He was so absorbed in his perplexity that a hollow sound, as of somebody tumbling about in a boat, with a clatter of oars and spars, failed to make him move for a moment. Victory by Joseph Conrad [1914]

Abraham Merri He let his oars drop and leaned forward, drifting. The Woman of the Wood by Abraham Merri

Arthur Conan Doyle Then you came again, and no one had an eye for me, so I clambered into it, cut the rope, took the oars which I found there and brought her back for more men. Sir Nigel by Arthur Conan Doyle [1906]

Abraham Merri The Ship of Ishtar was clear; down thrust the withdrawn oars of it; straight ahead she flew into the wider space beyond the star tip of stone and circling wall. The Ship of Ishtar by Abraham Merri

The forefoot grated on the sand, the boat floated, the wet oars flashed and dipped once, twice. Lord Jim by Joseph Conrad [1900]

Walter Scott When their time was expired, Douglas took the oars in his turn, and by his order Roland Graeme steered the boat, directing her course upon the landing-place at the castle. The Abbot by Walter Scott [1820]

Upon this the oars were all taken in, and the galley lay tossing upon the furious sea, amid waves that continually beat upon her. A Strange Manuscript Found in a Copper Cylinder by James De Mille [1888]

Edith Wharton Presently they heard a low plash of oars and saw the prow of a gondola cautiously rounding the angle of the terrace. The Valley of Decision by Edith Wharton [1902]

Our morning passed in fruitless plans for escape, and yet we could see a boat fastened to the shore, with its oars in it. Chicot the Jester by Alexandre Dumas

Henry James When we did return — I almost had to take the oars myself — I felt as if every one had been sitting up to time us, to stare at us. Louisa Pallant by Henry James [1888]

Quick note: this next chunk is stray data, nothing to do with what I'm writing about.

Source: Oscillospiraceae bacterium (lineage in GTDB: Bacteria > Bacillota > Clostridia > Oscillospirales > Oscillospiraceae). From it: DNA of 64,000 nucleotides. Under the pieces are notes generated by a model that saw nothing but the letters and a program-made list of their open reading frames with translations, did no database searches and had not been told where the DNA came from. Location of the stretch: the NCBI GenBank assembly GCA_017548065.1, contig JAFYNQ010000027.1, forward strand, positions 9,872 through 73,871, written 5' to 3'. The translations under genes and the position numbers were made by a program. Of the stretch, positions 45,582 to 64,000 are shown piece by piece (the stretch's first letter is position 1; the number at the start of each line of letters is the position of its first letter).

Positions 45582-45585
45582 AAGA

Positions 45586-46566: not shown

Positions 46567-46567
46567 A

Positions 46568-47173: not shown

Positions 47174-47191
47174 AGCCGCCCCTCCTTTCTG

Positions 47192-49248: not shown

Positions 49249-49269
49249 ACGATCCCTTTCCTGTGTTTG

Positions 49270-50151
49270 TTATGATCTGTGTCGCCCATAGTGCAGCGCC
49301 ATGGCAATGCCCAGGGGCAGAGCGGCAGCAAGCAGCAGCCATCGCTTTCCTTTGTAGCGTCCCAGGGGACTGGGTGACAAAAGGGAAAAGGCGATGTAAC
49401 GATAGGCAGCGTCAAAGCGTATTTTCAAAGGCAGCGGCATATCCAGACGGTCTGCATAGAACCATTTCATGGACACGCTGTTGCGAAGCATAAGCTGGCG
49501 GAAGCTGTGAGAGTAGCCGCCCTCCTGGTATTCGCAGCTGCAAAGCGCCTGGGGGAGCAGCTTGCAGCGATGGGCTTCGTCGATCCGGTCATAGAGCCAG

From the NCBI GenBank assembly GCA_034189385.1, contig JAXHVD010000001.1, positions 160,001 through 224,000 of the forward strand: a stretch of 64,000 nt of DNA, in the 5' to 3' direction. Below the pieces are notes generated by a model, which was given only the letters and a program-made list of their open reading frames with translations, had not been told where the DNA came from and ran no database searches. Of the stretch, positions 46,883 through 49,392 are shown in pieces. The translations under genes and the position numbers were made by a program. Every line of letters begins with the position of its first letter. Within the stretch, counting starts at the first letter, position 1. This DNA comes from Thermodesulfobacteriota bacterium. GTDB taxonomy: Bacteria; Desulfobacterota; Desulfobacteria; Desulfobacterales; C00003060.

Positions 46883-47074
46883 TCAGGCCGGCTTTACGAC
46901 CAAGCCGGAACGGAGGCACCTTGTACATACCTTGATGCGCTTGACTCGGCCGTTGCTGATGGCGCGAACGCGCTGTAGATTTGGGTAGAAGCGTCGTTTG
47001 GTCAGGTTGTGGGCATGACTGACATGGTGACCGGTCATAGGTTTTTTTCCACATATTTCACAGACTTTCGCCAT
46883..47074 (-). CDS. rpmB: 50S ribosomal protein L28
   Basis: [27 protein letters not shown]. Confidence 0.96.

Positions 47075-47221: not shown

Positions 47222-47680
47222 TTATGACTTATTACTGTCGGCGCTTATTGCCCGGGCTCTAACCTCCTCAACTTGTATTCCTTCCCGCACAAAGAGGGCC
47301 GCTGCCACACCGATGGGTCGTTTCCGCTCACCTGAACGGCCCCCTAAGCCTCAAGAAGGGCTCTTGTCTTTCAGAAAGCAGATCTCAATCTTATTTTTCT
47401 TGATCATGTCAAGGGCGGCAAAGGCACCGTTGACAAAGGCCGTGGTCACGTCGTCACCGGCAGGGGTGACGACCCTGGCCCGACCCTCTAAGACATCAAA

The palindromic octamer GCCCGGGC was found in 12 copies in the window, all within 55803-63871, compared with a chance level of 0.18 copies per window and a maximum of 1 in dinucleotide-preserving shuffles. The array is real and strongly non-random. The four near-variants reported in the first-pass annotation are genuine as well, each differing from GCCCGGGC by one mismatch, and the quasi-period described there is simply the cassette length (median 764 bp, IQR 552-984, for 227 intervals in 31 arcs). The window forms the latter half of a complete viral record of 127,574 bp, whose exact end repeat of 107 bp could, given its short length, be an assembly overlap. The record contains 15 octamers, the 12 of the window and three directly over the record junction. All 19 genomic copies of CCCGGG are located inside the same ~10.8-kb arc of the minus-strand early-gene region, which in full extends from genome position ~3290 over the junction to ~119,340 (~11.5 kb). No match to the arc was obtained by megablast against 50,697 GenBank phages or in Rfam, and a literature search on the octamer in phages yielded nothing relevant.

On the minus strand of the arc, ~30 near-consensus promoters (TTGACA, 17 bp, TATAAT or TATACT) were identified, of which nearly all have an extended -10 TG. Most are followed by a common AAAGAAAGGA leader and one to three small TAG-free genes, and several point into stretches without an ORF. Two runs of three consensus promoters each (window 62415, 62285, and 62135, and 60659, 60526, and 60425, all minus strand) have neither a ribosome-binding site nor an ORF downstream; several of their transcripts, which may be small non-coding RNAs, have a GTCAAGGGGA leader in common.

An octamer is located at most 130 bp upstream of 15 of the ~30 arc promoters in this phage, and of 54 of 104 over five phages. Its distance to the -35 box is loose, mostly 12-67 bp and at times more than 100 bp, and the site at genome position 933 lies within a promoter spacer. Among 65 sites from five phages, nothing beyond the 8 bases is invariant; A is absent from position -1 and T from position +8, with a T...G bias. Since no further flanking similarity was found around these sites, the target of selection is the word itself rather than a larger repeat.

The vessel struck; and, with the dreadful shock, Her oars she shiver’d, and her head she broke. The Aeneid by translated by John Dryden

G. K. Chesterton MacIan found two oars in the bottom of the deserted boat and began somewhat drearily to row. The Ball and the Cross by G. K. Chesterton [1909]

Abraham Merri Kenton glimpsed double banks of oars that drove a huge bulk down upon them with prodigious speed. The Ship of Ishtar by Abraham Merri

Anthony Trollope The small boats had been stolen from some of them, and the ropes and oars from others. North America by Anthony Trollope

Sir Walter Scott While Edward watched this phenomenon, the distant dash of oars was heard. Waverley by Sir Walter Scott [1829]

Rafael Sabatini The slaves heaved, and with a creak and splash of oars the great galeasse skimmed forward towards the mouth of the cove. The Sea Hawk by Rafael Sabatini

Abraham Merri The lash of Zachel — Zachel — the toy? No toy had made those scars! No oars of toy had brought into being those muscles! And suddenly all Kenton’s mind awoke. The Ship of Ishtar by Abraham Merri

Edith Wharton Charity leaned back in the stern, and Harney unshipped the oars and lay in the bottom of the boat without speaking. Summer by Edith Wharton [1917]

But, in fact, we had many oars to pull. Autobiographical Sketches by Thomas De Quincey [1853]

Thomas Hardy It was thought and always said by my uncle Job, sergeant of foot (who used to know all about these matters), that Bonaparte meant to cross with oars on a calm night. Life’s Little Ironies by Thomas Hardy

Rudyard Kipling He manned ten oars a side, and bade them watch his hand to row in or back out, and so coaxed he them toward the bank. Puck of Pook’s Hill by Rudyard Kipling [1906]

Rafael Sabatini He threw a leg over the side, and alighted on a decked space between two oars and the two rows of six slaves that were manning each of them. The Sea Hawk by Rafael Sabatini

George Meredith The oars swung fore and aft, and Beauchamp sprang on deck. Beauchamp's Career by George Meredith [1875]